Lessons Learned Migrating 2+ Billion Documents at Craigslist
Upcoming SlideShare
Loading in...5
×
 

Lessons Learned Migrating 2+ Billion Documents at Craigslist

on

  • 45,891 views

The slides from my 2011 MongoSF talk of the same name

The slides from my 2011 MongoSF talk of the same name

Statistics

Views

Total Views
45,891
Views on SlideShare
11,055
Embed Views
34,836

Actions

Likes
48
Downloads
440
Comments
0

48 Embeds 34,836

http://www.10gen.com 22289
http://blog.nosqlfan.com 4558
http://blog.zawodny.com 3253
http://www.mongodb.com 3088
https://www.mongodb.com 683
http://simple-is-better.com 498
http://www.kuqin.com 75
http://dandan.nonobo.com 61
http://archive.10gen.com 61
http://feed.feedsky.com 58
http://www.twylah.com 32
http://www.slideshare.net 27
url_unknown 26
http://xianguo.com 20
http://www.simple-is-better.com 18
http://irr.posterous.com 11
http://zhuaxia.com 10
http://reader.youdao.com 8
http://127.0.0.1:8000 6
http://www.newsblur.com 5
http://68.166.223.4 4
http://www.bgol.us 4
http://presentations.10gen.com 3
http://paper.li 3
http://drupal1.10gen.cc 3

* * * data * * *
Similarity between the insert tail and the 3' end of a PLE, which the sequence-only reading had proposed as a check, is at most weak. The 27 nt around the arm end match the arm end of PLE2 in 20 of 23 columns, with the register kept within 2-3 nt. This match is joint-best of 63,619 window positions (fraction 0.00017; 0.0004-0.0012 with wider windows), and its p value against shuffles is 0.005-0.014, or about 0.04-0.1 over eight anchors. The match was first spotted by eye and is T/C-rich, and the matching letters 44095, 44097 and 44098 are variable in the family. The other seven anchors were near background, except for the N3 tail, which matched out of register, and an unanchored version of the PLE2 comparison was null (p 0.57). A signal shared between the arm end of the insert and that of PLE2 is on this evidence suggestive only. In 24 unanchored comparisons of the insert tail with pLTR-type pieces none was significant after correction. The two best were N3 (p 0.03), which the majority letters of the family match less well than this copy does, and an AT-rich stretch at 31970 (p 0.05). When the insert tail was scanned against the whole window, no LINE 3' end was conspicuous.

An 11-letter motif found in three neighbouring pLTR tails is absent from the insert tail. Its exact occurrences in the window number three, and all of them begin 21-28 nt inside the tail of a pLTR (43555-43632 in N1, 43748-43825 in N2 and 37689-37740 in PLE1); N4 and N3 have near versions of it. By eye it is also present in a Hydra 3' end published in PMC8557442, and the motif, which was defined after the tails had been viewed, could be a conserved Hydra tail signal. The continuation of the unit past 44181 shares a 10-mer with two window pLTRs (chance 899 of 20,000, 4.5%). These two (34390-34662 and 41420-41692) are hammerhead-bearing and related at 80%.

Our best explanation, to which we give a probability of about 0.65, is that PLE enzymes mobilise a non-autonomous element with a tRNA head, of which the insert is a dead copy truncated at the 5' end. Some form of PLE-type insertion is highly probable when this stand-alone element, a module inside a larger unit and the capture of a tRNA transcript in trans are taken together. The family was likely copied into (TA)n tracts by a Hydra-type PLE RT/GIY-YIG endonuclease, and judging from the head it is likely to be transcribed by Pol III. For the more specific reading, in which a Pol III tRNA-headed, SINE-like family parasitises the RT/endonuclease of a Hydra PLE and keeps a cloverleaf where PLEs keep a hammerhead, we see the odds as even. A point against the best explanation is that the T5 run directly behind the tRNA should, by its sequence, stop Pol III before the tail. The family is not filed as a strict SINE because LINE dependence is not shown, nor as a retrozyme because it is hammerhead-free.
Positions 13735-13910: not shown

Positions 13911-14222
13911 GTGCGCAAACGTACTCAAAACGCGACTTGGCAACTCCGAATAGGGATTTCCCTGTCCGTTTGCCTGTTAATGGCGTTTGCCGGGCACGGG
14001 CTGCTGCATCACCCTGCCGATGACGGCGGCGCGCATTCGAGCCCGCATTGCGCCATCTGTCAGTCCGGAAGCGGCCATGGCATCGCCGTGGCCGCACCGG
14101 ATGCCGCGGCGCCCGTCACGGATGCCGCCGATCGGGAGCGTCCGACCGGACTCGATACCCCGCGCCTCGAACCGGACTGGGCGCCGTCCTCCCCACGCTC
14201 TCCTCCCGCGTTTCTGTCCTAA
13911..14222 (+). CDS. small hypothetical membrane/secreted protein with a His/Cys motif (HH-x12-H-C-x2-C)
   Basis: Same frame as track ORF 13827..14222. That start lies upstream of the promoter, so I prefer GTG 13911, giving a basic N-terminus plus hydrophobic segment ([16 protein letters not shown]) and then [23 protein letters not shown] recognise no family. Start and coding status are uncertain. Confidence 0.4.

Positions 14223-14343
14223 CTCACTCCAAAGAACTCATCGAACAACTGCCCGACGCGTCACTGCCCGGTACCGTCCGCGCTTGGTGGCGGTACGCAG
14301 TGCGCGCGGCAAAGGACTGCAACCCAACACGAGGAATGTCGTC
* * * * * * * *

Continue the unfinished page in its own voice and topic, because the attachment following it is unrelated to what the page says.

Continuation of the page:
http://dkangala.wordpress.com 3
http://webcache.googleusercontent.com 3
http://xue.uplook.cn 3
http://www.hanrss.com 3
http://translate.googleusercontent.com 2
http://ww.mongodb.org 1
http://ru.wiki.mongodb.org 1
http://www.google.com 1
http://localhost 1
http://pythontip.sinaapp.com 1
http://10.0.1.2 1
http://wordpress.com 1
http://dev.10gen.com 1
http://www.zhuaxia.com 1
http://192.168.100.5:15871 1
http://twitter.com 1
http://172.25.1.62:3000 1
http://cache.baidu.com 1
http://local.10gen.com 1
http://clipboard.com 1
http://download.mongodb.org 1
http://tssskci.10gen.com 1
http://cache.baiducontent.com 1
More...

Accessibility

Categories

Upload Details

Uploaded via as Microsoft PowerPoint

Usage Rights

© All Rights Reserved

Report content

Flagged as inappropriate Flag as inappropriate
Flag as inappropriate

Select your reason for flagging this presentation as inappropriate.

Cancel
  • Full Name Full Name Comment goes here.
    Are you sure you want to
    Your message goes here
    Processing…
Post Comment
Edit your comment

Lessons Learned Migrating 2+ Billion Documents at Craigslist Lessons Learned Migrating 2+ Billion Documents at Craigslist Presentation Transcript

  • Lessons Learned from Migrating 2+ Billion Documents at Craigslist
    Jeremy Zawodny
    jzawodn@craigslist.org
    Jeremy@Zawodny.com
    http://blog.zawodny.com/
  • Outline
    Recap last year’s MongoSV Talk
    The Archive, Why MongoDB, etc.
    http://www.10gen.com/video/mongosv2010/craigslist
    The Infrastructure
    The Lessons
    Wishlist